On Naked City, the old-school cop show, every episode used to end with a voice-of-God narrator saying, "There are 8-million stories in the naked city; you have just seen one of them." Joseph Wambaugh doesn't aim for such quantity (he has maybe 40 interlocking tales here), but he sure knows how to tell compelling stories.
Hollywood Crows is the latest from the master of the modern police story. "Crows" refers to "community relations officers," the cops who do more public relations than police work. It's a plum assignment in Los Angeles, and Wambaugh's novel focuses on officers who work as "crows," and beat cops who want to.
Wambaugh, a celebrated cop turned writer, has been writing immensely enjoyable police procedurals for 30 years. Hollywood Crows never has a dull moment and is populated with an endearing and infuriating cast of characters, much like The Choirboys, one of his early books. We have Flotsam and Jetsam, the surfer-dude patrolmen longing for the posh Crow assignment. There's Hollywood Nate, the officer who hopes to break into the movies. And then there's Ronnie Sinclair, the beautiful young woman all of her male colleagues desire.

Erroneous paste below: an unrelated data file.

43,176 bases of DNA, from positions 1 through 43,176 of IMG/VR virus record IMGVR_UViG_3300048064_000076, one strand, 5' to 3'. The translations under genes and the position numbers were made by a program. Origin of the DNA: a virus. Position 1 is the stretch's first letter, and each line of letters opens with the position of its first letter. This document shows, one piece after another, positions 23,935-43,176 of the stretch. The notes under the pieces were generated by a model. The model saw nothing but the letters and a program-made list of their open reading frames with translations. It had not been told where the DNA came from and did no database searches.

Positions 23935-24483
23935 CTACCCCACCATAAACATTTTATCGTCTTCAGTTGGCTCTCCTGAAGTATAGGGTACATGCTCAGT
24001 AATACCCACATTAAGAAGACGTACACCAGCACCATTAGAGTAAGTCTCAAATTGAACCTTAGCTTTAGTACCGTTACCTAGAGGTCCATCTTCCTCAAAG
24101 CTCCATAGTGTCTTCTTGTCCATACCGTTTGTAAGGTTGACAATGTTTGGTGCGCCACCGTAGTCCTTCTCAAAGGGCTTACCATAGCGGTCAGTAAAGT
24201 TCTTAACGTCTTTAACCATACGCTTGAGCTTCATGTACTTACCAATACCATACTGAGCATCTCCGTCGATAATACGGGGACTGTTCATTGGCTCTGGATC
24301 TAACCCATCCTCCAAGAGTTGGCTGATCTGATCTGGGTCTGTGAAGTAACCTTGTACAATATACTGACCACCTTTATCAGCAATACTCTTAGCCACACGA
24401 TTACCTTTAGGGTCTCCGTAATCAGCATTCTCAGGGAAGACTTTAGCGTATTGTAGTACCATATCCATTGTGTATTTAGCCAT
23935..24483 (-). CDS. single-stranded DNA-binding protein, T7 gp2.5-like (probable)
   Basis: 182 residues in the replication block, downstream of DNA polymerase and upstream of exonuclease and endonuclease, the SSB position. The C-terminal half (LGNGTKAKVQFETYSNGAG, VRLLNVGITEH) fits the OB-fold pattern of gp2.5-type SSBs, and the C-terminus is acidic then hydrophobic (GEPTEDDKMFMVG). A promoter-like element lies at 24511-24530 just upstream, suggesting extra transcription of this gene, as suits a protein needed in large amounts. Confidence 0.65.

Most of the action centers on a dissolving marriage: Ali, the strip club owner, and his scheming wife, Margot. Each of them wants to kill the other, saving their young son from the supposed abuses of the other parent. The plans pull police officers into their nets, for use as shields and patsies. At first, that plot line is comical: Ali is over the top and Margot is a skilled seducer, toying with Hollywood Nate. But the perfect, doomed cop — tortured by the daily tragedies of the job — plays his required role, shattering his life and playing a major role in ending two others.
Sometimes, big-cast mucho-action books are claustrophobic and dull. Not so here. Wambaugh more or less invented this genre, and he still does it better than anyone else.
William McKeen teaches journalism at the University of Florida.